Needle biopsy to prove the diagnosis is controversial especially when a lesion has typical radiological features of HCC is discovered. If a biopsy is necessary, a core sample will be appropriate specimen. Fine-needle aspiration should be avoided. A chest x-ray and CT of the chest should be performed as a part of the workup because the lungs are common sites of spread.
Tumor staging
For almost all types of cancer, the tumor size, the presence of multiple foci, local vascular and/or lymphatic invasion and distant spread carry prognostic significance. In HCC patients, large, multiple, invasive cancers and those with distant spread carry poor prognosis [10,11]. Different staging systems are used to stage and manage patients with HCC. Each one has its advantages as well as some related defects [12]. The aim of these clinical staging systems is to assess patients and to help in making therapeutic decisions. To estimate the progress of patients with HCC properly, we should assess both liver function and tumor related factors; however, staging systems that include both these features had little analysis. In fact, the well-known systems for staging as International Union against Cancer (UICC) and American Joint Committee on Cancer (AJCC) staging system criteria do not define the relative prognostic weight of variables, in terms of residual liver function [13-15].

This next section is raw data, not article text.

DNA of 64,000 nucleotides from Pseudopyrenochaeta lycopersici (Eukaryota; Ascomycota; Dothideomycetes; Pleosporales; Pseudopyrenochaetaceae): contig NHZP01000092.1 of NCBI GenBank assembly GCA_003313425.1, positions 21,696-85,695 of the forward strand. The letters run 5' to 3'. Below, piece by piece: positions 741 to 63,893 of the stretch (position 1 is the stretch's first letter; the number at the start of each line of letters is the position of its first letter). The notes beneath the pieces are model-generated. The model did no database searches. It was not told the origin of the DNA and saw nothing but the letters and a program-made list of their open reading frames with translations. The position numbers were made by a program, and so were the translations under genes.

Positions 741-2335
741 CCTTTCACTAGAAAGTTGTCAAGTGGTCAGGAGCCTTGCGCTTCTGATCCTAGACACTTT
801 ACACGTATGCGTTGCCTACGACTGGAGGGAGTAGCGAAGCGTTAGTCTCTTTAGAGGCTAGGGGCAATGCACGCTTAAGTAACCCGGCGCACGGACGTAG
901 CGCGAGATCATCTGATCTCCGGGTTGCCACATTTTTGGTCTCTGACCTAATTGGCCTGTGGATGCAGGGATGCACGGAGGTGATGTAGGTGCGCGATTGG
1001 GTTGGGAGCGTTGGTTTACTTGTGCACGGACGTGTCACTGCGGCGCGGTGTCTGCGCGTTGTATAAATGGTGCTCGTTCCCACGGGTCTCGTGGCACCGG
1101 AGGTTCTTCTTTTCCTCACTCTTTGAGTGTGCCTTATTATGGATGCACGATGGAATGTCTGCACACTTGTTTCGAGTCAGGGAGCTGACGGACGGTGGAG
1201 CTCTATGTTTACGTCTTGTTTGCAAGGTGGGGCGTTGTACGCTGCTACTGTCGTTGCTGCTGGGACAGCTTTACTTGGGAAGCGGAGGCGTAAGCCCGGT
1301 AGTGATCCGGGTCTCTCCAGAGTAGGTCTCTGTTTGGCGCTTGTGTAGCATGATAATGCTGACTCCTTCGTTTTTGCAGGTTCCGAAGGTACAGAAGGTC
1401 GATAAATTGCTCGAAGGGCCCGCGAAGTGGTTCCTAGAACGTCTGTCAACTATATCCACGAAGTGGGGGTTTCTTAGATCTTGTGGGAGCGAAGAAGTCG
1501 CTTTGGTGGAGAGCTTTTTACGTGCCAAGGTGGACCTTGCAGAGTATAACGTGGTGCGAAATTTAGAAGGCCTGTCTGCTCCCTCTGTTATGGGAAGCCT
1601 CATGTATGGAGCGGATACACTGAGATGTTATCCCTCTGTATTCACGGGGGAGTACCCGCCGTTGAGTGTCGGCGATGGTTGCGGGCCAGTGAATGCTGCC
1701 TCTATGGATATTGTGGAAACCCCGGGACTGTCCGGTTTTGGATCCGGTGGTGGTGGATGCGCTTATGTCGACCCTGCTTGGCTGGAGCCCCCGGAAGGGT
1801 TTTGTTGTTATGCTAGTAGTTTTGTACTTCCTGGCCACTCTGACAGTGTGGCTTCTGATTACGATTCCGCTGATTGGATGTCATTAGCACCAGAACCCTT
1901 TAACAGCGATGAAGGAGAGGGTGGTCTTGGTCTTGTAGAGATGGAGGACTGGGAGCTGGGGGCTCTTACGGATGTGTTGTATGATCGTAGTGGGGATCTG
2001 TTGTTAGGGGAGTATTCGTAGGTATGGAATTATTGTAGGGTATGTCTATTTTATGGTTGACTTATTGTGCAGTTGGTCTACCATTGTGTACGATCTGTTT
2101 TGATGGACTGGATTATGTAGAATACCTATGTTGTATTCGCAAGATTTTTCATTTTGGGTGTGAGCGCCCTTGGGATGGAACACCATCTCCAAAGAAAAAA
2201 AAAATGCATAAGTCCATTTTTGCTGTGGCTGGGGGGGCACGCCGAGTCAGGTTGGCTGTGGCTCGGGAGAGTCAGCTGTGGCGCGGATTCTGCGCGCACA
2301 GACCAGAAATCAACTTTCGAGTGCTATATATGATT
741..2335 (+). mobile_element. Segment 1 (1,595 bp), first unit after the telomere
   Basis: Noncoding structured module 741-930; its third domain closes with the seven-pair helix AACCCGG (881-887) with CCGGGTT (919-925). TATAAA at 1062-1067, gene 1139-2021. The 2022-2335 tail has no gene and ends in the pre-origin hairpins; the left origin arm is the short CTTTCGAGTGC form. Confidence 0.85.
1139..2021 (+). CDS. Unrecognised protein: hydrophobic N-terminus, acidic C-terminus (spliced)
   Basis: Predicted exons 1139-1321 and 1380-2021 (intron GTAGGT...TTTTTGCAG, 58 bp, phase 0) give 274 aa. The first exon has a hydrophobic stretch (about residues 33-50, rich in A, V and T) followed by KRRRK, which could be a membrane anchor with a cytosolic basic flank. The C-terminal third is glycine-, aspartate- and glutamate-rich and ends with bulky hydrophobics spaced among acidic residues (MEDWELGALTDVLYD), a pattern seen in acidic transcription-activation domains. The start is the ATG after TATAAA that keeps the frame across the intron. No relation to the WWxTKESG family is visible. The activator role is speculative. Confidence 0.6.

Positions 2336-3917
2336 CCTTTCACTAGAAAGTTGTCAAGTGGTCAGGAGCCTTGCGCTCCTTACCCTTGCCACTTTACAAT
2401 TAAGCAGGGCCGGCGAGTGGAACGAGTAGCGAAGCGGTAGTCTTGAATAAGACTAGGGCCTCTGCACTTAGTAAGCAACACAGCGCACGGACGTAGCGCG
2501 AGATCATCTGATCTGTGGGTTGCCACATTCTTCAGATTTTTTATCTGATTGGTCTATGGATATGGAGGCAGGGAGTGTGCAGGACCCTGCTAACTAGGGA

The prognostic assessment and choice of treatment in HCC patients are very important, and highly complicated, compared to any other carcinomas arising in other organs. This complexity is specifically due to the strong relation between the HCC prognosis and both the grade of cancer spread (tumor staging), and the grade of residual liver function (liver disease stage) [16-21].